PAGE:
Rolling for Initiative is a weekly column by Scott Thorne, PhD, owner of Castle Perilous Games & Books in Carbondale, Illinois and instructor in marketing at Southeast Missouri State University.  This week, Thorne shares the states where Dungeons & Dragons is most popular, and which classes raise the most questions.

Either it was a really slow day at Zippia, a career website matching people with jobs, or the amount of Dungeons & Dragons played in a region has become a factor potential employees consider when deciding where to relocate, but staff members at the website did a study to find out which states play the most and least D&D, as well as the most popular character classes.  According to the methodology described in the website, the authors based their rankings on the number of searches for D&D by state on Google in the past year as well as the number of searches for various classes.

I figure the number of players is per capita, so it makes sense that Utah is ranked number one for D&D play, given the state’s comparatively light population.  It also makes sense that New York is ranked last, again given the state’s high population.  Washington coming in at #7 was not particularly surprising, given that Wizards of the Coast has its home offices in Seattle.  It did rather surprise me to find California way down the list at #46, given the size of the entertainment industry there and the number of people in the entertainment industry that play the game.  However, I guess even those number get dwarfed by the sheer size of California’s population, largest in the country at 39.6 million.  Given those numbers, I guess it should not come as much surprise that the comparatively lightly populated states of the upper Northeast, Upper Midwest, and Pacific Northwest all rank comparatively highly in terms of the number of D&D players, while the comparatively more heavily populated Southern states rank lower.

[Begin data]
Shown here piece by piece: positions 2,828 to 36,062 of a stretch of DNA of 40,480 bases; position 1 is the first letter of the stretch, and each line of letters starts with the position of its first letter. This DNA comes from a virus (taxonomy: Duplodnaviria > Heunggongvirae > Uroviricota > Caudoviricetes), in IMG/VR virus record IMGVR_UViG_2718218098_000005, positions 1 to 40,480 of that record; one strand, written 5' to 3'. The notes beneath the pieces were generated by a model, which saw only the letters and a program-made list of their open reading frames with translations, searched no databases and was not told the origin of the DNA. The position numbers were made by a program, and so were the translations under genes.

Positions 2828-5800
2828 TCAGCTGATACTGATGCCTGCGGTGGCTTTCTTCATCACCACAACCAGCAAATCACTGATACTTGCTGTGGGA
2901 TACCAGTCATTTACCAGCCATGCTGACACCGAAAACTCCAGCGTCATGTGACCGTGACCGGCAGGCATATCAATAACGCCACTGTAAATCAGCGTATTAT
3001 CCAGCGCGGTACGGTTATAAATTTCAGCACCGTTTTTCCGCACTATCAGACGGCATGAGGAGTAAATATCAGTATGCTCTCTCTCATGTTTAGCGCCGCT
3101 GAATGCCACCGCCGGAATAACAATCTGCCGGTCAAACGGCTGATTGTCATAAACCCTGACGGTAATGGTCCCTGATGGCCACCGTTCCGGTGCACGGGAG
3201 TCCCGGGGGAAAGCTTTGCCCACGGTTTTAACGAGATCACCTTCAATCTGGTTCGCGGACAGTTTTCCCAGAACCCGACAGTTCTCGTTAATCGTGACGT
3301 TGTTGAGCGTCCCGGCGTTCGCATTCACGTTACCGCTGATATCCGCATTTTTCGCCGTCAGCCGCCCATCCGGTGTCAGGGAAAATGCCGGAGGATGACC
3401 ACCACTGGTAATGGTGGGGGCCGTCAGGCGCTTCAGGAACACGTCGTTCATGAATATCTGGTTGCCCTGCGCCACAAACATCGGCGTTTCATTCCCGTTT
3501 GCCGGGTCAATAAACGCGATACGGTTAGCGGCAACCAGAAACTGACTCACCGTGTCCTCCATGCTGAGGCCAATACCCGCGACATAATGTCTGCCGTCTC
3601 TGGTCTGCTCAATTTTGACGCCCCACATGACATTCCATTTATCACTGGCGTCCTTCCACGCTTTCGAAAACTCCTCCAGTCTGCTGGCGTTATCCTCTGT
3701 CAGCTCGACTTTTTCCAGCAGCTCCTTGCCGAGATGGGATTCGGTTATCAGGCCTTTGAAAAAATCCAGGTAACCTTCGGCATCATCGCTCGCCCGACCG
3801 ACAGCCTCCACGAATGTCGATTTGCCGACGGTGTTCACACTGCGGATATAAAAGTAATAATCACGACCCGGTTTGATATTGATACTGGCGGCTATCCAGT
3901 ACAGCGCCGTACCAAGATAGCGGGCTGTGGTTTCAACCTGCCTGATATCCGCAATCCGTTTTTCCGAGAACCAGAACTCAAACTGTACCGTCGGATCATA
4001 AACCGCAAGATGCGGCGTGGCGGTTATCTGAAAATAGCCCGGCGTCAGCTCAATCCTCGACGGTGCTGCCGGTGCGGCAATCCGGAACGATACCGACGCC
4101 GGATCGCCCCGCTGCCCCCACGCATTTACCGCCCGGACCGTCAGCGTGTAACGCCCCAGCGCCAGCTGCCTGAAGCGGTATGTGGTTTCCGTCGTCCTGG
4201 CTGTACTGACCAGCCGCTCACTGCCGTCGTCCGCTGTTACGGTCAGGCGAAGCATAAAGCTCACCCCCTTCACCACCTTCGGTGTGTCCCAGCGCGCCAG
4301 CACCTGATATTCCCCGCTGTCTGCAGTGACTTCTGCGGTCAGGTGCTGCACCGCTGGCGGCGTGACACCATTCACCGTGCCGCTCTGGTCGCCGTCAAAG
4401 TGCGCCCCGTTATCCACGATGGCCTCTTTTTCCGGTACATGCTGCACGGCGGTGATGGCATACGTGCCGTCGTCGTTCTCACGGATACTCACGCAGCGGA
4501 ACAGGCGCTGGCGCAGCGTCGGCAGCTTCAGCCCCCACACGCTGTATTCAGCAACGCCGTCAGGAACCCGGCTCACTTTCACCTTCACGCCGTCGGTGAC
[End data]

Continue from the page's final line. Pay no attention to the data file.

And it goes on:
As far as the most popular character class, that would be the monk.  The staff here believes that it is due, not to its popularity, but rather because of the difficulty playing the class and ergo the number of questions player have about it, requiring a search on Google.  Tied for the second most popular character class are the ranger and druid, which, like the monk, raise a lot of questions.  Given that the artificer and barbarian appear on the list as many times as the fighter and cleric, while the bard also only appears once, as the most popular character class in New York, makes me agree with them that the classes showing up the most are those with the most questions about how to play them.

Regardless, the site does make a good point about the mainstreaming of D&D, and how it helps build skills useful in today’s environment such as problem solving, creativity, decision making, collaboration and computation.  As I have noted before, these are skills useful for both kids and adults (see "Rolling for Initiative—Four Reasons Why You (And Your Kids) Should Play ‘D&D’ or Other RPGs…").  Games like D&D have proven so successful at helping develop skills useful in the business world that companies such as Google and Nintendo hire DMs like Devon Chulick to run sessions for staff members. D&D has come far from its Lake Geneva roots, but after all these years, players still like to argue over which edition and which character class is the best (Cleric, of course!).

Which character class do you prefer and why?  Let me know at

The opinions expressed in this column are solely those of the writer, and do not necessarily reflect the views of the editorial staff of